My rating: 3 of 5 stars
Historical fiction is my natural habitat. I write it for a living, and I read it constantly. I know what went into the writing of this novel and I admire the way the author brought Charleston to life. The history itself, the story of the Grimke sisters and their dedication to abolition and women’s rights, is enthralling stuff.
Sue Monk Kidd can write a beautiful sentence, she can construct a paragraph and a scene and put it all together. So all the pieces are there, but the novel failed to come together for me. The problem for me was mostly about mechanics, pacing and focus.
Kidd seems to never really decide what this novel is about. If it’s about the Grimke sisters and their mission to educate the country and bring about justice, then it takes far too long to get off the ground. A full half of the novel takes place before they really get started. If it’s about Handful, then her story is unbalanced and piecemeal. Pacing is crucial to a story like this, and the pacing was off.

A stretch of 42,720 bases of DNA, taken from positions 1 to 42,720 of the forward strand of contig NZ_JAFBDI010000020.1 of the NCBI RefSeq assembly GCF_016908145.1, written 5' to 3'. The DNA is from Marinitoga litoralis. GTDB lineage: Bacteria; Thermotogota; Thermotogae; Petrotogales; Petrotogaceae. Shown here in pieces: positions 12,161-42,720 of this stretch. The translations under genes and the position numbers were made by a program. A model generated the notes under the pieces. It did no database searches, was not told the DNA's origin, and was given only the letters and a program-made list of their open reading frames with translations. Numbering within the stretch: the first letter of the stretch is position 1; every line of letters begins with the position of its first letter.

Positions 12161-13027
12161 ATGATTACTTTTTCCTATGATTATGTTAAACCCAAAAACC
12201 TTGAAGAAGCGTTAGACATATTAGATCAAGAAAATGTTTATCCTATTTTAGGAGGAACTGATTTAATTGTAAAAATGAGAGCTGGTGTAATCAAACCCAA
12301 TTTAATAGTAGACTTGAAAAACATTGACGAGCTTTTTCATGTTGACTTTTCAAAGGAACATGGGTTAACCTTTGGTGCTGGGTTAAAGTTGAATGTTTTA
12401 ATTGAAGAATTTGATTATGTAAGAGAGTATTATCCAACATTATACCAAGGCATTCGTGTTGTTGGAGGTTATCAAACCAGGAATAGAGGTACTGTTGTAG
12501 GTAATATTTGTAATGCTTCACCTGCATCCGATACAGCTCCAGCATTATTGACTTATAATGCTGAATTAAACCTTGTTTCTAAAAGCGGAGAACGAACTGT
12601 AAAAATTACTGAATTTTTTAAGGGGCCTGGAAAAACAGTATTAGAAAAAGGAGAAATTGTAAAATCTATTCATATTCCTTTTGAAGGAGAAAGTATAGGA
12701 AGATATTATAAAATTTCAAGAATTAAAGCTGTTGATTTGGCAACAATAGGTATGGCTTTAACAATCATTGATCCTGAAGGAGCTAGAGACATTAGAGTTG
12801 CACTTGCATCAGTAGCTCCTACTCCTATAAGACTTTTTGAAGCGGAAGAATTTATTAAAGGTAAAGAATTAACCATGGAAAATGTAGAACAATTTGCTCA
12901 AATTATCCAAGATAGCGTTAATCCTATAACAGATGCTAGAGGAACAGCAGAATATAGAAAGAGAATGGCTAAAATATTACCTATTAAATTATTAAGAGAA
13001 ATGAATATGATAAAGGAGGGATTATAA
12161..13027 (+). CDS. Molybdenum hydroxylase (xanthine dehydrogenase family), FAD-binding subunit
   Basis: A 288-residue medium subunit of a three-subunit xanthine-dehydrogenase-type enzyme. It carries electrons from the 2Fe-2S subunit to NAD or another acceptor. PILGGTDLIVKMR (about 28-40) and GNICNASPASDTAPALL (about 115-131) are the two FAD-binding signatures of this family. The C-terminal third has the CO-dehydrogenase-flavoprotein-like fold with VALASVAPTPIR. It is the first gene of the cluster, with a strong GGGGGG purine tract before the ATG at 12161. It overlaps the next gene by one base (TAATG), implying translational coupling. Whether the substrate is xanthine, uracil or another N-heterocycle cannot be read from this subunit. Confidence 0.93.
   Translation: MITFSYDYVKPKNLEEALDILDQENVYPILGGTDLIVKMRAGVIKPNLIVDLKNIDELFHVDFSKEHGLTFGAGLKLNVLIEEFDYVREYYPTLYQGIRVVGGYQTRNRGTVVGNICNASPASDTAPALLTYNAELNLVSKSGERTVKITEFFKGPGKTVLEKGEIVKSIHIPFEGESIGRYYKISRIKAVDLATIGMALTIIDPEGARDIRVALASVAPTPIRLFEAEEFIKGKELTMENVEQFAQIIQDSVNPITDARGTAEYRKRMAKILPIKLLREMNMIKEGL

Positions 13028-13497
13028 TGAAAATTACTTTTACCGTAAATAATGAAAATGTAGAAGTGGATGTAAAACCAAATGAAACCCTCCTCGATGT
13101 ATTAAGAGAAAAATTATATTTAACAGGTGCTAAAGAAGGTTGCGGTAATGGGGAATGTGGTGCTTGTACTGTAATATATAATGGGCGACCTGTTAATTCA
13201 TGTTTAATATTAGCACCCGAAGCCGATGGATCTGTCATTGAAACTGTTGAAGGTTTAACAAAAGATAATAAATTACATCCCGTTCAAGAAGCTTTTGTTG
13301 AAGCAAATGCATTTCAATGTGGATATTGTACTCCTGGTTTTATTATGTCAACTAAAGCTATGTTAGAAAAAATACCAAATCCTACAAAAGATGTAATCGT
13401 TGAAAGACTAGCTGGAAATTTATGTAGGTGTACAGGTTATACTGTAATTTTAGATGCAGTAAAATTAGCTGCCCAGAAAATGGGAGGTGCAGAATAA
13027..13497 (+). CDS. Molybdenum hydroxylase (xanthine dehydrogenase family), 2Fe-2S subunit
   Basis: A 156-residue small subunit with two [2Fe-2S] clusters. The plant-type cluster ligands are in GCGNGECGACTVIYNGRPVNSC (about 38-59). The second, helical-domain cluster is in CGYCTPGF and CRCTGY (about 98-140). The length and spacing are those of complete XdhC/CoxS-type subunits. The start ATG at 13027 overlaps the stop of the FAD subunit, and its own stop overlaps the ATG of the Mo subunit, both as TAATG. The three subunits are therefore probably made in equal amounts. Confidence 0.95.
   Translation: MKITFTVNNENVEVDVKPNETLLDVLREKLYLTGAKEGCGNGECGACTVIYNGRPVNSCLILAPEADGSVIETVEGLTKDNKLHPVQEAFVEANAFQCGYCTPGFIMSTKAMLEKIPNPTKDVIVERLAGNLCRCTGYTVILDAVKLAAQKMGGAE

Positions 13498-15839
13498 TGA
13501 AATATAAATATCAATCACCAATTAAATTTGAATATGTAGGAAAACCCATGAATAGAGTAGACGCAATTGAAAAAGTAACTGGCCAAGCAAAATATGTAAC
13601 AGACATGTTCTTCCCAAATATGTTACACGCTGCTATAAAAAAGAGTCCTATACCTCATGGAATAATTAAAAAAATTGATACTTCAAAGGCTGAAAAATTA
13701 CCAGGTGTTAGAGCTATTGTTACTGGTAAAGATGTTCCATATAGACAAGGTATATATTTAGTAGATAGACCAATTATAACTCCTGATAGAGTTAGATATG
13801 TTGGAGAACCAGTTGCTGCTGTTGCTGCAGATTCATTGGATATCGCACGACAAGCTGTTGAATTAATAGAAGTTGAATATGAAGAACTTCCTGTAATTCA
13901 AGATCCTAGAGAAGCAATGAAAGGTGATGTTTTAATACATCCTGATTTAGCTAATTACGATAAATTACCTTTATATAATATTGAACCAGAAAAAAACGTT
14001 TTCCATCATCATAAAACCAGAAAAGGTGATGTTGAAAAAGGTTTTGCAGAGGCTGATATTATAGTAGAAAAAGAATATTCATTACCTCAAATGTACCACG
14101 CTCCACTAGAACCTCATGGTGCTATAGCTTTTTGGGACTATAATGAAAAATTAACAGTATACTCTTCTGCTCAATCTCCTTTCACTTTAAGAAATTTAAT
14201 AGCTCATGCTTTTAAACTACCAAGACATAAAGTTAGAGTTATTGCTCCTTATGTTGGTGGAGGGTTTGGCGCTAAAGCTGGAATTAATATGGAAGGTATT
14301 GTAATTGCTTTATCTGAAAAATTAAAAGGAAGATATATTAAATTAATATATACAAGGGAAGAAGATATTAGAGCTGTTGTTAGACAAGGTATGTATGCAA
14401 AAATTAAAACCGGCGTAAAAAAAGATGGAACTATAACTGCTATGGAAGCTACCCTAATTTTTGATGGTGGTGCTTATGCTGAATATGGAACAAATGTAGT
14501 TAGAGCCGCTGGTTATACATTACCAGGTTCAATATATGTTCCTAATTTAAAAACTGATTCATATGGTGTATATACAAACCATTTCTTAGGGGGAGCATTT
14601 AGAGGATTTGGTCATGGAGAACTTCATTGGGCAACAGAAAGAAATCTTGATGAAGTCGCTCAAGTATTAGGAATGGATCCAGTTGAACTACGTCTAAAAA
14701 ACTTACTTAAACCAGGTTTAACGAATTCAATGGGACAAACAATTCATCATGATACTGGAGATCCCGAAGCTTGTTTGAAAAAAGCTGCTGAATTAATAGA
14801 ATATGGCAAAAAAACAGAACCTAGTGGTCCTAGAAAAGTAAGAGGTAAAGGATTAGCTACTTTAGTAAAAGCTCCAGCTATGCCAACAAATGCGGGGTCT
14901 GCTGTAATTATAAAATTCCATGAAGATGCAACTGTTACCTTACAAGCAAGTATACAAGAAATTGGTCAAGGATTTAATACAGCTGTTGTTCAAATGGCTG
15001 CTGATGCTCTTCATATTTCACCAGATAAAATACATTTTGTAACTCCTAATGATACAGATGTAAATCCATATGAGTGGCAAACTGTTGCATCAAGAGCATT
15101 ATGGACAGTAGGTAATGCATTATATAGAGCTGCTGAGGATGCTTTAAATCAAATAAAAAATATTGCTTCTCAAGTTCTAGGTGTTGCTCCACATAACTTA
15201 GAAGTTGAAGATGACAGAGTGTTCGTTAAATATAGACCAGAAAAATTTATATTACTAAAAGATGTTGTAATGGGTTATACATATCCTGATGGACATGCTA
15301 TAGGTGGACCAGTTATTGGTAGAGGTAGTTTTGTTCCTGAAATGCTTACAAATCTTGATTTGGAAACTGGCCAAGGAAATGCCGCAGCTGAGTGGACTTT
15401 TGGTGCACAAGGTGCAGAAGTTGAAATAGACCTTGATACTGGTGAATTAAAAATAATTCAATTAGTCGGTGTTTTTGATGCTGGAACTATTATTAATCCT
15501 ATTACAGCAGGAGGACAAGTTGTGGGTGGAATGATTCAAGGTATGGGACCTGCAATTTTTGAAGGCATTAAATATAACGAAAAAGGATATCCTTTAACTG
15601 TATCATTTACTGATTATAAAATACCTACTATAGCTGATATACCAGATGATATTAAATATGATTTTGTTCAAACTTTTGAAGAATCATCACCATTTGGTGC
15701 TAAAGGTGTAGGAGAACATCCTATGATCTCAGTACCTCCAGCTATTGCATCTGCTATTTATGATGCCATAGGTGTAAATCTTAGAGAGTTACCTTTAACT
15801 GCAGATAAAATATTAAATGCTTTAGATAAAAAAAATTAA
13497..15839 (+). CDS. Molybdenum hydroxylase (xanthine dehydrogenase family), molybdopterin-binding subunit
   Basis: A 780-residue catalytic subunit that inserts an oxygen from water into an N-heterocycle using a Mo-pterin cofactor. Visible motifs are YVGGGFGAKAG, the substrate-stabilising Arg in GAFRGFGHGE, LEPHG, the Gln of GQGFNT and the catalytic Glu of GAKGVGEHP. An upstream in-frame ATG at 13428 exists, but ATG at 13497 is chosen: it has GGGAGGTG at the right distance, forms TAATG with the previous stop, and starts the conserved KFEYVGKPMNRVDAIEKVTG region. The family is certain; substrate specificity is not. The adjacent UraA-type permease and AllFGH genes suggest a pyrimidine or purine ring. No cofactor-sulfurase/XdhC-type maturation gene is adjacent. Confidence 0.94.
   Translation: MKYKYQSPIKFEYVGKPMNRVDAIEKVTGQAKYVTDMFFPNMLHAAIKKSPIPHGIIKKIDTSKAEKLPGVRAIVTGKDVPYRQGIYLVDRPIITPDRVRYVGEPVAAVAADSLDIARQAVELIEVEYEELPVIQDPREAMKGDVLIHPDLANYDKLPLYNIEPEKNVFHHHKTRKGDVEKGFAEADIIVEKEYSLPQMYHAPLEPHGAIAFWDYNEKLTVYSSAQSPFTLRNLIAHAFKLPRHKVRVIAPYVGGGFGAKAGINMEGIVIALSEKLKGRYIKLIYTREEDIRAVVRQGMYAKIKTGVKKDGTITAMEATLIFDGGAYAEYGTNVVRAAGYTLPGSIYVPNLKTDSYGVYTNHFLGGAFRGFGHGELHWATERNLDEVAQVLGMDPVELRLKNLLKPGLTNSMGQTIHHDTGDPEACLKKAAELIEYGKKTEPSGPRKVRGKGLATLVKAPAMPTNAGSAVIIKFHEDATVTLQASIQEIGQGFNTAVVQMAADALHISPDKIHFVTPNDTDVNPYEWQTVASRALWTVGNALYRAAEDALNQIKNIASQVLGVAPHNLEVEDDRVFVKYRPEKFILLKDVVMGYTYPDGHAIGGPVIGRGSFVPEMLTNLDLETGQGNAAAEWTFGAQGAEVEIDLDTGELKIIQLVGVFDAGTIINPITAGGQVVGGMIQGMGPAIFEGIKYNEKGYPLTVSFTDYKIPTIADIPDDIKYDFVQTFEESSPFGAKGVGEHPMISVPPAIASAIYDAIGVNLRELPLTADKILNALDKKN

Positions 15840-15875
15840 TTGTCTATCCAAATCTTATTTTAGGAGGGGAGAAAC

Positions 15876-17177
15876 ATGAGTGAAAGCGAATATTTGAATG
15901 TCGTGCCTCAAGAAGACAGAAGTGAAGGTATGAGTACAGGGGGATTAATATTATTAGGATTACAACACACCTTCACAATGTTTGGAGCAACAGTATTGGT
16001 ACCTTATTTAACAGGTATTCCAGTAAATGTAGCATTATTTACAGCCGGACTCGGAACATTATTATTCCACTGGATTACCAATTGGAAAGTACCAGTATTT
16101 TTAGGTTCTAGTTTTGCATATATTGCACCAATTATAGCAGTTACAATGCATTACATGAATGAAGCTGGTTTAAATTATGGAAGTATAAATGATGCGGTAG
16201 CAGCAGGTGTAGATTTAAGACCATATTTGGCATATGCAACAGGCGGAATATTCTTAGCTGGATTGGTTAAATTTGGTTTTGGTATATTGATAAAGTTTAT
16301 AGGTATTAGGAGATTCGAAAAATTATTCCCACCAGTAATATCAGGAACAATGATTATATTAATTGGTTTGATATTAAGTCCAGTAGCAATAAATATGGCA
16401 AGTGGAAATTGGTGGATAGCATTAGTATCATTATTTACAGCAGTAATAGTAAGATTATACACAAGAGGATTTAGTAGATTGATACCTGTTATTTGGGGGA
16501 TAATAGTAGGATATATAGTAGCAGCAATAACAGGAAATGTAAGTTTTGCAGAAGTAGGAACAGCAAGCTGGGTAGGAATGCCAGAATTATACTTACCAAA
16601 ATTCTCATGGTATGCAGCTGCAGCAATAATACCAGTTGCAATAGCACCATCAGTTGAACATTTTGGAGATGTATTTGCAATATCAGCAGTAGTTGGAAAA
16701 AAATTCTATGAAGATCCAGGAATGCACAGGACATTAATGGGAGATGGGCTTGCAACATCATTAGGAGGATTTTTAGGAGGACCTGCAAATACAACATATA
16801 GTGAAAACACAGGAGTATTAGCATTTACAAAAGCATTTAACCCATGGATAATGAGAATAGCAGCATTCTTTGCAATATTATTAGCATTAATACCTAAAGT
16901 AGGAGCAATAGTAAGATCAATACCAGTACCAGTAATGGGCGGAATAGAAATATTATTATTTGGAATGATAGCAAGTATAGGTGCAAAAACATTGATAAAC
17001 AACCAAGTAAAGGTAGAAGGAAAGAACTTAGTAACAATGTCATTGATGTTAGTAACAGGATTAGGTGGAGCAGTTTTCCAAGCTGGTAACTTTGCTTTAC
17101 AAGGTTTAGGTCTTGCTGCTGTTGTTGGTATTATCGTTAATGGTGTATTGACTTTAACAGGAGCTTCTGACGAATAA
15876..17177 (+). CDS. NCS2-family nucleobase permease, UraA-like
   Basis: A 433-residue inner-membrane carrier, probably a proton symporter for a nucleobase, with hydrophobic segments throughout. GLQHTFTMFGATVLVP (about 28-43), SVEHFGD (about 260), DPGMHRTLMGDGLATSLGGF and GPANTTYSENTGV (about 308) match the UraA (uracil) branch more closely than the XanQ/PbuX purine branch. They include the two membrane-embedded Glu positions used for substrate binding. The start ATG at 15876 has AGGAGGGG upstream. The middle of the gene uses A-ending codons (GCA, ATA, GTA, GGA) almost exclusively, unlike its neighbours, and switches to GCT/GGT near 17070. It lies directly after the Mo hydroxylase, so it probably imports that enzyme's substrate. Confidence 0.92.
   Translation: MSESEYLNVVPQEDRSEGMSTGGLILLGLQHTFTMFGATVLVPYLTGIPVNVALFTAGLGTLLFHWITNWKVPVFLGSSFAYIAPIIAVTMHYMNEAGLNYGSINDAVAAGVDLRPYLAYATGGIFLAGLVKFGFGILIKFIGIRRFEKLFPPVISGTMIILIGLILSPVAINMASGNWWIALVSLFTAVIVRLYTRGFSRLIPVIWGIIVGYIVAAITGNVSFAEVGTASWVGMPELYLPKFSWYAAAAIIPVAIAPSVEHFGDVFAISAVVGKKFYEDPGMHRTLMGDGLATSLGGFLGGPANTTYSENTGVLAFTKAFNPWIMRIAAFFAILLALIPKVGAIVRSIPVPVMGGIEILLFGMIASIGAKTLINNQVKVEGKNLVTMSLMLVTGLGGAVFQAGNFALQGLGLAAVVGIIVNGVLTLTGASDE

My strong impression is that Kidd would have been better able to find a rhythm if she had written this in third person. She never really gets her feet on the ground writing as Sarah or as Handful; approaching the story in third person would have given her more perspective and focused the narrative.
A number of times I felt as if we were finally shifting up out of first gear only to fall back again into a putter. It’s unfortunate, because the material is very rich and full of promise.